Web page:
THE BLOG

Bye Bye Sugar

14/02/2014 14:53 GMT | Updated 16/04/2014 10:59 BST

As we all know sugar creeps into our diet in its usual tactical ways. We are all born with a sweet-tooth (at least is one of my justifications) and resisting sugar 24 hours a day 7 days a week is a big ask. Personally I am shamefully weak when it comes to the genre of deserts. I tend to trend along the idea that life is uncertain, therefore eat desert first. Is it merely a coincidence that stressed spells desserts backwards? What an ironically bitter realisation! It is decided; I shall not succumb to this and reach for a double-decker when stressed. Let's remember however, a sweet moment is not a sin and nor should we invite it's sibling of guilt.

The Sunday Times heard our cry for a sugar ban and decided to draw-up a plan for the nation to follow. Its commercial identity was known as #byebye sugar, and for many was the first step in cutting sugar out from virtually all meals. Their initial suggestion was to strip your kitchen of all temptation; a bold first move that supports the attitude of 'out of sight, out of mind'. Things begin to get more specific, condiments are next to go. Start getting used to your salads being extra crunchy without its sauced-bathed leaves.

To quote The Sunday Times; "experts agree that a healthy lifestyle and a lean, toned body involve 20% consistent exercise and 80% what you eat." There you have it, it is crucial to think before we chomp down on our favourite sugary helpers. If you are controlled in your eating you are more than half way there. Easier said than done? Absolutely.

Some of our staff at Wellbeing decided to give the scheme a go, let's see how they managed...

Miranda- Miranda was committed to saying farewell to her sugar-binge days by cutting out the following; white carbohydrates, biscuits, cakes and fizzy drinks- whilst leaving a small window for wine. "I was prepared for those familiar moments of wanting a sweet treat, so I opted for nuts and raisins instead." Snack-time is perhaps the biggest test of them all and Miranda's substitution solution was a success. Miranda cooked a lot more and as a result became a lot more creative and confident in the kitchen.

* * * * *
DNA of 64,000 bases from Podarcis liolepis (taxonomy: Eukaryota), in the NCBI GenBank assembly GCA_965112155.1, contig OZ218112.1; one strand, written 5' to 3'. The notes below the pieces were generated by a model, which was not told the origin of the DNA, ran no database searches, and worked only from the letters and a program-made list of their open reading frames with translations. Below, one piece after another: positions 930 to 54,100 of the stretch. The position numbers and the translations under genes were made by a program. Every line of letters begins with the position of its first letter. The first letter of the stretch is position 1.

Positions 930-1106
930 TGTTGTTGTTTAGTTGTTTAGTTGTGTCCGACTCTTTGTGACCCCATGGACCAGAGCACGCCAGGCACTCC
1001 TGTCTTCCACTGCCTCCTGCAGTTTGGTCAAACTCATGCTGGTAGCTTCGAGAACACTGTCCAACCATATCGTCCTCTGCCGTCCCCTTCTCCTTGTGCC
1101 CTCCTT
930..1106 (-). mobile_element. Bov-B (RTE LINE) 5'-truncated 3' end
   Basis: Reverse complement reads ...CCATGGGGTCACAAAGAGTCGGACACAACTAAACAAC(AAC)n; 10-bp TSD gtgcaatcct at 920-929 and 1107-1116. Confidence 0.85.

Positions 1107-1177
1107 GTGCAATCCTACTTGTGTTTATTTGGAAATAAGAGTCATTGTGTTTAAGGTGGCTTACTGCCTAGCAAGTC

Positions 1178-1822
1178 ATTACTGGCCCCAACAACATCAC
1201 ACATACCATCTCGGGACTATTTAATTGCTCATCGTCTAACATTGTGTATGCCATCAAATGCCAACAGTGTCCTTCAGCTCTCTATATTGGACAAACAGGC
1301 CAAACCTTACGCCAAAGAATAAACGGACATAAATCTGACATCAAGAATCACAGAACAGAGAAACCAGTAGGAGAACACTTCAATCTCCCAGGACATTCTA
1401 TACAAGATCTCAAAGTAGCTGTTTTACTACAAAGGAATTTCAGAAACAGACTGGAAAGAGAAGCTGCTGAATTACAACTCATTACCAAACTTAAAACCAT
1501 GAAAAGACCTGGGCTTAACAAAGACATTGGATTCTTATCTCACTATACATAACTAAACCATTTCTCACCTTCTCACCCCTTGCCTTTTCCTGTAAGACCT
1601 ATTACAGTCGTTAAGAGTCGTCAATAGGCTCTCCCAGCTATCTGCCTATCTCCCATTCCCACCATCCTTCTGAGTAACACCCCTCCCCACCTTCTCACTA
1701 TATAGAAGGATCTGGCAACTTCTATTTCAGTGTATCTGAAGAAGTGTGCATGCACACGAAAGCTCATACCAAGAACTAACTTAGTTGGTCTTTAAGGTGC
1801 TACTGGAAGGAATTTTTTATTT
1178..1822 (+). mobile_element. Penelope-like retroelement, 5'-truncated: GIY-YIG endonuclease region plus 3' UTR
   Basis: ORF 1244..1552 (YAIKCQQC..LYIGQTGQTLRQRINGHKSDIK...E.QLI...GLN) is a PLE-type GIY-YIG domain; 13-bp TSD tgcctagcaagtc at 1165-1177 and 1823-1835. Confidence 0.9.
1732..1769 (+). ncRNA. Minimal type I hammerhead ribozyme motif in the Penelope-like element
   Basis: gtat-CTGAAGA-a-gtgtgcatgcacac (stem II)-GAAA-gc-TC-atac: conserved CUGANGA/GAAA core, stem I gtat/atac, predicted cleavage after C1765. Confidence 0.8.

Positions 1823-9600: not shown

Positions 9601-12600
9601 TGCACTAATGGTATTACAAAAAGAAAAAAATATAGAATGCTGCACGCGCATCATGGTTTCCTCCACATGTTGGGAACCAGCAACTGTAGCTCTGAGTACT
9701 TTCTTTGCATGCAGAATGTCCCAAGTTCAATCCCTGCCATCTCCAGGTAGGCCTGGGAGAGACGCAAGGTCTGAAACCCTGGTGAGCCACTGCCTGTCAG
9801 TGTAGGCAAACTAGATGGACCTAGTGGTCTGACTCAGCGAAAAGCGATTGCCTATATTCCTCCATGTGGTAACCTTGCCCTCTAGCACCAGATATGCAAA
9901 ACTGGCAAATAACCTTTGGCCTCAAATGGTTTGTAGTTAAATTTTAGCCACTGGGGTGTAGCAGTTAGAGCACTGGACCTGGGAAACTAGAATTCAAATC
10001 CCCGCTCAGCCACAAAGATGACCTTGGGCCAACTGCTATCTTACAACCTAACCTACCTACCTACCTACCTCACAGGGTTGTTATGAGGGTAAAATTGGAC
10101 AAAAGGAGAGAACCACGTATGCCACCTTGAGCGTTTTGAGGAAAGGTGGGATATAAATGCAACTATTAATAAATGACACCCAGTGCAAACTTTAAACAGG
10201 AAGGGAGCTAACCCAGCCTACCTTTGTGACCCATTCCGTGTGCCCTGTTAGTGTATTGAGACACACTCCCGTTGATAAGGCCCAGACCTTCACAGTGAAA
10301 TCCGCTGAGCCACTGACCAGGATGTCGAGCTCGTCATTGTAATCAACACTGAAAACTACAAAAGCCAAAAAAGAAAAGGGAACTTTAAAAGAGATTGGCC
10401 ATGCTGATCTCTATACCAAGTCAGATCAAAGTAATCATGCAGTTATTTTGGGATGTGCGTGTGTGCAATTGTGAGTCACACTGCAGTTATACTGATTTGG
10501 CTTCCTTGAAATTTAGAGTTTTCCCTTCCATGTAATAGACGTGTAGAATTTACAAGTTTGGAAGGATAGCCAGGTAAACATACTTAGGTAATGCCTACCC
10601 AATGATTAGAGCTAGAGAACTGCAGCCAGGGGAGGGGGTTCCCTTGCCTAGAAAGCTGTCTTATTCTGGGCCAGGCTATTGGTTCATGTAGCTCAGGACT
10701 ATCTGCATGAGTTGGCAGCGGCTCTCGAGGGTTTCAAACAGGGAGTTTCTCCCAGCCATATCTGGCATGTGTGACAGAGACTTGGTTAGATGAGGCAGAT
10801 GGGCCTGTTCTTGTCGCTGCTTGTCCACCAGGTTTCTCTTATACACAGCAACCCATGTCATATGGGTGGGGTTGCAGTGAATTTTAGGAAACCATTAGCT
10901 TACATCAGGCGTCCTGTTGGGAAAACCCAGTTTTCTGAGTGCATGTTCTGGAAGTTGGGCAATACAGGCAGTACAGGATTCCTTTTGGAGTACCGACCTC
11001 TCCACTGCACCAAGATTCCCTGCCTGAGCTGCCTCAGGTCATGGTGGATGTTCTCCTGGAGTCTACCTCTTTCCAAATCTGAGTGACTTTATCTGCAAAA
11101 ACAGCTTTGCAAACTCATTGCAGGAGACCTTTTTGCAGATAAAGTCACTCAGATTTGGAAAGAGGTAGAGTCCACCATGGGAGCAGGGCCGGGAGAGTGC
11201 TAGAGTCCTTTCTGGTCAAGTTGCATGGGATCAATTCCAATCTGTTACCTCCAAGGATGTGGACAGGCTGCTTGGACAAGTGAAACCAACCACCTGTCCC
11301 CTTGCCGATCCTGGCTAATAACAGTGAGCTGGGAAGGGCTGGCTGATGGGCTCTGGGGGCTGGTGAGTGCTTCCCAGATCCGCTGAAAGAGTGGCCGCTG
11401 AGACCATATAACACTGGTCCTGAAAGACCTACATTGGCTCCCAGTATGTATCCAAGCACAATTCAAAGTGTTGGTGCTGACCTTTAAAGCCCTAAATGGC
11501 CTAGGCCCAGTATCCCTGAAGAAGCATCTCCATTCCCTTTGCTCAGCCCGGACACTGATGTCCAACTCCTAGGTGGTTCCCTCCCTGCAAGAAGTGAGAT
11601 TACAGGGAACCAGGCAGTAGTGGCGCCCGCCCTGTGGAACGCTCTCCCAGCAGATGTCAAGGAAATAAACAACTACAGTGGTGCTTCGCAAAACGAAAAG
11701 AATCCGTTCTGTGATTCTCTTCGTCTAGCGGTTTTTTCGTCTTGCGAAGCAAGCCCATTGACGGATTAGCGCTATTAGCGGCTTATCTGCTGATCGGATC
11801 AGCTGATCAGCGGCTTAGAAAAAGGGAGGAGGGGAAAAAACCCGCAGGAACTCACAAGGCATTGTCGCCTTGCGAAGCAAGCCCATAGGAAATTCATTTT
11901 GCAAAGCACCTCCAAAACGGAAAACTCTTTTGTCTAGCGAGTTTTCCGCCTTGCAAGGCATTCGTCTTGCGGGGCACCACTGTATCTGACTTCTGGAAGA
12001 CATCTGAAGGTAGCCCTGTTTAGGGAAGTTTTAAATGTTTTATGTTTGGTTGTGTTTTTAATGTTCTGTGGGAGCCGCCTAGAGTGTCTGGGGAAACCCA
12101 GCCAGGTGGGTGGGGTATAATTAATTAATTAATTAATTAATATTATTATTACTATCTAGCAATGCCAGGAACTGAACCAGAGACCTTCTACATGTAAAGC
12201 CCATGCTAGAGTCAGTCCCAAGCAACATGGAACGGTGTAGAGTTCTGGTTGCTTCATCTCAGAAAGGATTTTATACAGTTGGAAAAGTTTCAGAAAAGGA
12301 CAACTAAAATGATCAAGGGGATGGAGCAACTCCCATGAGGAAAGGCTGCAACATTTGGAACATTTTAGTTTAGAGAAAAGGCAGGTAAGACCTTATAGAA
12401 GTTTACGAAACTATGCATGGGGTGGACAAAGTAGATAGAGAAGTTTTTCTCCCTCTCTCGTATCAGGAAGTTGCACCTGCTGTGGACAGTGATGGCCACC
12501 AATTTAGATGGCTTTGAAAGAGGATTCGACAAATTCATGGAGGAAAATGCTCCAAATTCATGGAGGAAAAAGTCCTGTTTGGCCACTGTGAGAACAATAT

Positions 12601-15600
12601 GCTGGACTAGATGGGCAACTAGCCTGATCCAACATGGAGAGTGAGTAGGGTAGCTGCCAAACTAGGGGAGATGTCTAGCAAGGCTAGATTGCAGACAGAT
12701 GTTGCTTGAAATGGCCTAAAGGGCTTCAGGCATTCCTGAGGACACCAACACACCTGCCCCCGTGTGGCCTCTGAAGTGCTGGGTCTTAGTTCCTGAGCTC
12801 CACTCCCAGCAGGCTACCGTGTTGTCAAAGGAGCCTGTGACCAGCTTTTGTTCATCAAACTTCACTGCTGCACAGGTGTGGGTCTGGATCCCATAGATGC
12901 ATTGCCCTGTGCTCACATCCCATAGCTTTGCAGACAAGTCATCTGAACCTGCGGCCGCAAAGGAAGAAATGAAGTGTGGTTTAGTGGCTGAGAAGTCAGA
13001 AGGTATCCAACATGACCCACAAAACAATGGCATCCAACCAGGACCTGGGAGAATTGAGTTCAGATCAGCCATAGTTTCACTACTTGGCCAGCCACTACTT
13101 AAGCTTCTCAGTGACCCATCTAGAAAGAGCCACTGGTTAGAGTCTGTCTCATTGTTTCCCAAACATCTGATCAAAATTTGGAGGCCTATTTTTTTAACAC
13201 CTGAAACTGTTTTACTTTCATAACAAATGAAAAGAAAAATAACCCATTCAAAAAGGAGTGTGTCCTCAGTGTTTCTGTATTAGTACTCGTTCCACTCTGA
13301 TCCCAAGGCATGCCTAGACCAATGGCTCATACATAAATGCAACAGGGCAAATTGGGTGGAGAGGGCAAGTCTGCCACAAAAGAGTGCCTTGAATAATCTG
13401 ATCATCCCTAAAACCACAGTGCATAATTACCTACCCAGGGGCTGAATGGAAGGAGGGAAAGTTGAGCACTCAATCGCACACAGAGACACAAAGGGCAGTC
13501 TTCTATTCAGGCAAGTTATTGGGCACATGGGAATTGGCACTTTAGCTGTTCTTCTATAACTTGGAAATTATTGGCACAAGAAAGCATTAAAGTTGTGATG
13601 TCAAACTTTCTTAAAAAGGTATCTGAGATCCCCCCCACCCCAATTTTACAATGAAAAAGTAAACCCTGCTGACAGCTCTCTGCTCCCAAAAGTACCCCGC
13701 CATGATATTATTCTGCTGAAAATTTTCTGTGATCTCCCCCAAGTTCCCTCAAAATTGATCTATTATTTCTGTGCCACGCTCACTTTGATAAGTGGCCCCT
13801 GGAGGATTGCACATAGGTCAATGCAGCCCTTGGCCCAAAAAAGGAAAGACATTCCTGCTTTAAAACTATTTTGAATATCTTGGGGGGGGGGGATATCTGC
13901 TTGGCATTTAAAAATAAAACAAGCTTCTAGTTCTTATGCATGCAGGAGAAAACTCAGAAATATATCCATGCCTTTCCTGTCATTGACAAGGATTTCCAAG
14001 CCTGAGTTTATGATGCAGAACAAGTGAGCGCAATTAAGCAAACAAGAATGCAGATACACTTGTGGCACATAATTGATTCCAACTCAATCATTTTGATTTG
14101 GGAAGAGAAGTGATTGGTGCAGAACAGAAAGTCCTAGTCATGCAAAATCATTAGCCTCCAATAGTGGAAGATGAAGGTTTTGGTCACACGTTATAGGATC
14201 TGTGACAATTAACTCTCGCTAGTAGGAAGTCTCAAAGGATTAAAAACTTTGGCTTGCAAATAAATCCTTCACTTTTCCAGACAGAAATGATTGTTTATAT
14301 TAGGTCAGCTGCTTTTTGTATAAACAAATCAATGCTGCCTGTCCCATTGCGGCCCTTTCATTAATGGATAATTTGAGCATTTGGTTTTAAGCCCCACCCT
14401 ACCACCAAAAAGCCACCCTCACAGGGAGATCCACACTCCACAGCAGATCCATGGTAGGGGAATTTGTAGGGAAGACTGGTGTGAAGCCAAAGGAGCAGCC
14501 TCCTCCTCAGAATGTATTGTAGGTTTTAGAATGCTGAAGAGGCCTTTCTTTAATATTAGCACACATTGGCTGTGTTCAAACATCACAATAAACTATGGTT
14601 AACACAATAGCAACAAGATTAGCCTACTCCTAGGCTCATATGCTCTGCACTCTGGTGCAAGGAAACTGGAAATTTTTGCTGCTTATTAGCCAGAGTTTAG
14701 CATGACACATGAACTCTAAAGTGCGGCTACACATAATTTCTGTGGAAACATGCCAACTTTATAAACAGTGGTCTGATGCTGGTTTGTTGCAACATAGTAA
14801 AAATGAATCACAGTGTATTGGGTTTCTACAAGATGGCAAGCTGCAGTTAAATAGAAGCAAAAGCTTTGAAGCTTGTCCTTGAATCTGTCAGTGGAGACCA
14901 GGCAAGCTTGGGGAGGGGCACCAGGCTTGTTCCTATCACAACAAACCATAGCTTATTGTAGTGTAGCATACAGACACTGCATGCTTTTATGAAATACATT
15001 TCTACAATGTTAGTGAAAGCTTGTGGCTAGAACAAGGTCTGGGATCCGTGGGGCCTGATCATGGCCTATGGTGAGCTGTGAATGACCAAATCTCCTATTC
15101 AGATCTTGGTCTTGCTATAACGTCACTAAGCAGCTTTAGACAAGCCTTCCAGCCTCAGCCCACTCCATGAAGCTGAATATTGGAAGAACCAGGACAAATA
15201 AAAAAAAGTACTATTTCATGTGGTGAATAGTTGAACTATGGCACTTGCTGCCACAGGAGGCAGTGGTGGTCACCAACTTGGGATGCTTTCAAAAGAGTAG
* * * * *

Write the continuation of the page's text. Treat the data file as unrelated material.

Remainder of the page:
Roll in the next sugar suspect, Helen. Helen admitted to strongly noticing the lack of sugar and as a result, was made acutely aware of how often it slipped in. At the start Helen suffered from headaches. As the day progressed and four o'clock struck this became a notoriously difficult point in the day. Lunch has been and gone and dinner is on the horizon, we are accustomed to think that this is apt time to increase our sugar levels. Whilst on the challenge, Helen went away and discovered how difficult it is to stick to an altered diet whilst your friends are consuming whatever their eyes are drawn to. At this point Helen curbed the rules and consumed some alcohol, besides this hiccup, Helen was dedicated throughout.

I found the experience challenging and was receptive to its high's and low's. I found myself feeling less sluggish and found that overall, it balanced my hormones. I also noticed that it changed my taste buds. The couple of times that I did cave in, I noticed that the sugar tasted sweeter and I therefore consumed less. A handy suggestion is to replace your sweetener/sugar in tea with a cinnamon stick. Works like a charm.

The comforting fact in all this (and perhaps a point of persuasion) is that by retraining your taste buds, the obsession does go away. By having something rarely, the taste becomes acute and your brain applies more thought to what you are eating. However, this does not mean our sweet object of desire shall never rear its sugar-coated head again, but resisting it is a lot easier. Shoo the craving away like an incessant fly and reach for your shiny apple.